The gemara (Sukka 9a) disqualifies a stolen sukka because the Torah uses the term "lekha." Though it utilizes the verse we have been ascribing to Rabbi Eliezer, this gemara is stated unanimously. Are we therefore to assume that even the Sages would adopt this law? Are we forced to concede that even the Sages set some requirement of ownership and thereby disqualify a stolen sukka?

 

If we persist in viewing the Sages in the absolute manner - that no level of ownership is necessary - we might have to redefine the nature of the gemara's rule that a stolen sukka is invalid for the mitzva. Quite possibly this gemara refers to a different principle, that of "mitzva ha-ba'a be-aveira:" even when mitzvot do not carry an ownership clause, they still cannot be performed with items which were involved in the performance of prohibitions. For example, according to many positions, even after the thief fully acquires an item (by altering the stolen item — a process known as "kinyan shinui"), the item still cannot be used for performing a mitzva, since it was involved in the violation of an prohibition. According to some Rishonim (see Tosafot and the Ritva to Sukka 9a), the disqualification of a stolen sukka is based upon the principle of mitzva ha-ba'a be-aveira, and not on any specific need for ownership of a sukka. Thus, even if the Sages absolutely maintain that there is no ownership requirement, they would still disqualify a stolen sukka.

 

Another test case to probe the position of the Sages would be the scenario of a jointly-owned Sukka. If the Sages do not require any ownership, but still disqualify a stolen sukka, they should clearly accept a jointly-owned one; when one partner uses the sukka, he is not stealing, and even if his ownership is compromised by the other partner's, this should not impinge on either one's ability to fulfill the mitzva. If, alternatively, the Sages do require some partial ownership (and view the borrower as a partial owner), they might not make the same claim regarding a partner. In contrast to the borrower, who has uninterrupted rights to use the item, a partner has to rotate; thus, a partner's relationship to the item is less like a true owner's. To be sure, the Sages might validate a partner in the very same manner as a borrower, as both enjoy partial ownership, but at least the possibility remains that they would distinguish between them. If the Sages reject all notions of ownership, this alternative is inconceivable. Rashi and Tosafot (27b) disagree as to what the Sages would rule about a partner, and quite possibly they dispute, along these lines, the logic which underwrites the Sages' position.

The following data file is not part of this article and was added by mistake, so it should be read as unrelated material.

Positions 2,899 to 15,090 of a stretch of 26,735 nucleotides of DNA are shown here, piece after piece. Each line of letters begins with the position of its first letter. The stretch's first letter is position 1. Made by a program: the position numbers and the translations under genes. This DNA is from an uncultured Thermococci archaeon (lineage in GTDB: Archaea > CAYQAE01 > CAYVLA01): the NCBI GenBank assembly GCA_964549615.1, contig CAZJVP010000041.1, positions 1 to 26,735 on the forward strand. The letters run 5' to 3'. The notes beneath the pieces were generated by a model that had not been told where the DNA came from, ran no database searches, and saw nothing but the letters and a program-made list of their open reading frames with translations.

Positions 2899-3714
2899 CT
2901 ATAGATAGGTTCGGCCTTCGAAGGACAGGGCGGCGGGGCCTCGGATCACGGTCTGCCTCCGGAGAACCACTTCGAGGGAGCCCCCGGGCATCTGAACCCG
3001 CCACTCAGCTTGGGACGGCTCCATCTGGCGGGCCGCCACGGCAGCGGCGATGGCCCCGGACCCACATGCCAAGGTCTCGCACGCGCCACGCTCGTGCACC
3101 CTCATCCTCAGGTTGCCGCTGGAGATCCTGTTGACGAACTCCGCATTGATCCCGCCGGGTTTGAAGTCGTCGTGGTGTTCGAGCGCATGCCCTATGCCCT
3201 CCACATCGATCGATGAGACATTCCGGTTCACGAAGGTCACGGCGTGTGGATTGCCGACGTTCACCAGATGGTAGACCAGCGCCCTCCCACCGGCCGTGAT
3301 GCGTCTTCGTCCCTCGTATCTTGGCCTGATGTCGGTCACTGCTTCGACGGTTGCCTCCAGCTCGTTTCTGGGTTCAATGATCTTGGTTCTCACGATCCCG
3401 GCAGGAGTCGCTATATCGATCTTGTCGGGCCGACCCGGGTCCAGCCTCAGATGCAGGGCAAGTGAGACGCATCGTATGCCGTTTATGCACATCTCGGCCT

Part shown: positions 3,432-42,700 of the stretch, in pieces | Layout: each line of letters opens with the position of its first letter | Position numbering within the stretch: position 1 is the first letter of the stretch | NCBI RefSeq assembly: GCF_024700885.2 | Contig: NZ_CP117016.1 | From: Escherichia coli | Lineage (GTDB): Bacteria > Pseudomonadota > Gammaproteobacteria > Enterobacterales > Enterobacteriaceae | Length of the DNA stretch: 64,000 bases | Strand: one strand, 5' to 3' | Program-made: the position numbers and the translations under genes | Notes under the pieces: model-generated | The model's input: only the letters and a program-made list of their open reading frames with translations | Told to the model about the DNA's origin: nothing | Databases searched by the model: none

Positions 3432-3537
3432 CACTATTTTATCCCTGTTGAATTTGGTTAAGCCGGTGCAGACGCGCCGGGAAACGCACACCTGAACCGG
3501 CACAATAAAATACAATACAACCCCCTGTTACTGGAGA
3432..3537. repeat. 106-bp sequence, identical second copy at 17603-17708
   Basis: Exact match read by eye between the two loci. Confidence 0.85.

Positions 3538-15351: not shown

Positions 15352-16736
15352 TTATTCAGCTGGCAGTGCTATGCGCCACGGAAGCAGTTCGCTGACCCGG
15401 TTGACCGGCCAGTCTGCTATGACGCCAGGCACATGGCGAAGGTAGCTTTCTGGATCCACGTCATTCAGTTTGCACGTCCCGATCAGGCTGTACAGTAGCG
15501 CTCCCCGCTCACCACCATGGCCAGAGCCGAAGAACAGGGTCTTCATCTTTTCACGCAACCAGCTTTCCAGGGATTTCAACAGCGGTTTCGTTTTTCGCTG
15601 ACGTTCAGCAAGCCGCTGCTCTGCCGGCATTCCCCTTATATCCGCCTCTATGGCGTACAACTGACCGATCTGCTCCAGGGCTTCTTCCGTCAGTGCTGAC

A final case to consider appears in the gemara (Sukka 31a) regarding someone who builds a sukka in "reshut ha-rabim" (public domain). The gemara states that this individual fulfills the mitzva of sukka. Evidently, this gemara was stated according to the position of the Sages; Rabbi Eliezer, who requires full ownership, would clearly reject this type of sukka. This gemara seems to indicate that according to the Sages, no ownership at all is required to fthe mitzva of sukka; had there been some minimal ownership requirement (even if we grant that a borrower or a partner enjoys such a level), we would certainly have disqualified a sukka built on public property — which, presumably, no one owns, at any level. Evidently, this gemara had a very specific view of the Sages's position, that no ownership whatsoever is required as long as the sukka is not stolen. Of course, if every member of the public is considered a partner in the public domain, we would not need to take such an absolute view of the Sages' concept of sukka.

 

METHODOLOGICAL POINTS:

  1. A dispute sometimes surrounds a fundamental issue; alternatively, the two sides may assume the very same principle but merely argue about the degree. Do the Sages and Rabbi Eliezer argue about the ownership requirement per se, or do they merely differ as to the degree of ownership necessary?
  2. Halakhic ownership exists at many levels. One can achieve partial ownership quantitatively (as in the case of partners) or qualitatively (e.g., a borrower might own the right of use, while the legal owner retains the right to the item proper). Individuals who might achieve partial levels of ownership include a guardian, a thief, and a partner.